I found this arrangement to access the tower/belfry in a local church.  The use of a ‘modern’ wooden ladder is not so unusual, but I’ve not seen a ladder like the dark wooden one here (I presume the rail/rung ladder replaces it, for health and safety reasons).   I’ve had a wander round the web to find whether there is a specific name for this type of ladder, but with no luck, does anyone have an idea?

In my local area, it’s pretty hit and miss whether a church is open or not (too many thieves/vandals around), but even those that are open have restrictions to prevent people getting into the belfry.  Obviously, this is to ensure safety, but I suspect there is also a case for keeping them closed to prevent disturbance to any bats that might be roosting/hibernating.


12 thoughts on “Ladder….

  1. Here in the states, hibernating bats are threatened by White Nose Syndrome, a fungus that is spreading across the nation, wiping out large numbers. Disturbing hibernation is deadly because it causes them to use up energy that they need to survive the non-feeding months. I’m glad that churches are hospitable to their hibernating bats!

  2. Stephen,

    Truly the quest for a proper nomenclature is a “black hole” which can suck us all in, never to spit us out again. I tried a couple of things.
    1. I asked for comments from well-educated architects in Corpus Christi, Texas. I have worked with them and know they have an interest in buildings and the history of older ones. I received this from Bill Wilson, Principal of WKMC Architects:
    “Interesting photo of a very much over-designed access ladder. I do not know the origin of this type of “staggered step” ladder, but we have seen a variety of similar iterations in older buildings from time to time. You can still purchase a variety of ladders and stairs with “staggered steps”. Although in recent years, they have become increasingly more rare. I have never seen one fabricated from a solid plate…before.”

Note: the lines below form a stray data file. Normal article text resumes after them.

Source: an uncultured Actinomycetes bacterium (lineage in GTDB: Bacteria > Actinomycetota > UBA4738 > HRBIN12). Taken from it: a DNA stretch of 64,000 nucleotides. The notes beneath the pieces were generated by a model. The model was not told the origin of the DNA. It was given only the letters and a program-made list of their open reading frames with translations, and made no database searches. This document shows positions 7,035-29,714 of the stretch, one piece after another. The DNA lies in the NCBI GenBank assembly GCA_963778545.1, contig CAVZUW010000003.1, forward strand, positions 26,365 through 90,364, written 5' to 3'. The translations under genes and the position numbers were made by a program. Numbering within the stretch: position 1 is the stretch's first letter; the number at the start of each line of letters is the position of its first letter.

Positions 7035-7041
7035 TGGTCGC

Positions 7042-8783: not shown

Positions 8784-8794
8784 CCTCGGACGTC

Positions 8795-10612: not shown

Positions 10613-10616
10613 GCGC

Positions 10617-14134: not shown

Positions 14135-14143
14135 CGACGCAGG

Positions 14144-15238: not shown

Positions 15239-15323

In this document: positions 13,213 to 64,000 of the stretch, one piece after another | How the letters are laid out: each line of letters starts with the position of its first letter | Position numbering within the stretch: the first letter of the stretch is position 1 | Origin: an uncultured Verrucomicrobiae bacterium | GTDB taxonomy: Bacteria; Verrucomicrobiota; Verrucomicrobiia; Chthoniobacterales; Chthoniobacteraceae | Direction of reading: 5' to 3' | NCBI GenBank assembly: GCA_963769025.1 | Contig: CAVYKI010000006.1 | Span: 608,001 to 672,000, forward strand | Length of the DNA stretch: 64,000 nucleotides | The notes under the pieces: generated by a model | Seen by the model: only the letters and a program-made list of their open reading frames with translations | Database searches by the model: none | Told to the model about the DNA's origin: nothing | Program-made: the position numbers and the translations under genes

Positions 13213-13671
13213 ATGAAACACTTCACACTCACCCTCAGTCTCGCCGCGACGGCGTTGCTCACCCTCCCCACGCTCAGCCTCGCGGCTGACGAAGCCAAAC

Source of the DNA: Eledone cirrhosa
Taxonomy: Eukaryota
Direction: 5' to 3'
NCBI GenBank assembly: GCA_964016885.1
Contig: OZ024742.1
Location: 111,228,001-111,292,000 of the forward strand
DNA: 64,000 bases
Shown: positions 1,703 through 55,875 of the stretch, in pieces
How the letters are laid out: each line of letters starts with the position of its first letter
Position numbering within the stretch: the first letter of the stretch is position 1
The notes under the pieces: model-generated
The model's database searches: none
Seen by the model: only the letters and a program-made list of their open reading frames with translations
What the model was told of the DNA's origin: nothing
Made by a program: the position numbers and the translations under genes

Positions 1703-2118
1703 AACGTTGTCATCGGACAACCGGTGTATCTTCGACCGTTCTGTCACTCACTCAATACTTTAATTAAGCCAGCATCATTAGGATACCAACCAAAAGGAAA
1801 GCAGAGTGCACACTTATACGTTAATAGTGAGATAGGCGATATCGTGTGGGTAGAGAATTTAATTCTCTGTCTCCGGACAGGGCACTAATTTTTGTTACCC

2. I approached Dr. Christopher Long, Associate Dean of the University of Texas School of Architecture and Director of the Architectural History Department. He replied:
    “Yes, this is interesting, and I can’t say I’ve seen another quite like it. Rather inventive.

    No, I’m not aware of a specific name for this “type.” I would simply describe it: “a single-plank ladder with hand-hewn step and hand holes” would be clear to everyone, I think. Sometimes in our field a description is better than a term anyway….

    Best wishes to you, Chris”

    I suspect there may be something more conclusive buried in the archives of a monastery somewhere, but that is a black hole of a different magnitude.

    Best of luck to you. When you find the answer, you may be close to the Holy Grail, too.


    • I’ve very grateful that you have put so much effort in on my behalf! I’ve still not found a name. It has been suggested that the ladder was a miners ladder, but that has really panned out. I’ve also found it referred to as a ‘Jacob’s Ladder’, but all the other references that I’ve found show a standard ladder for Jacobs ladder.
      It’s really interesting that you mention ‘Holy Grail’ – looking through other references, I found this paragraph in relation to the Templars who owned the town where I live way back when.
      “Further, some twenty years before, he was at Wetherby, and the chief preceptor, who was also there, did not come to supper because he was preparing certain relics which he had brought from the Holy Land; thinking he heard a noise in the chapel during the night, Robert looked through the keyhole, and saw a great light, but when he asked one of the brethren about it next day he was bidden to hold his tongue as he valued his life.” …. now what could you do with that!

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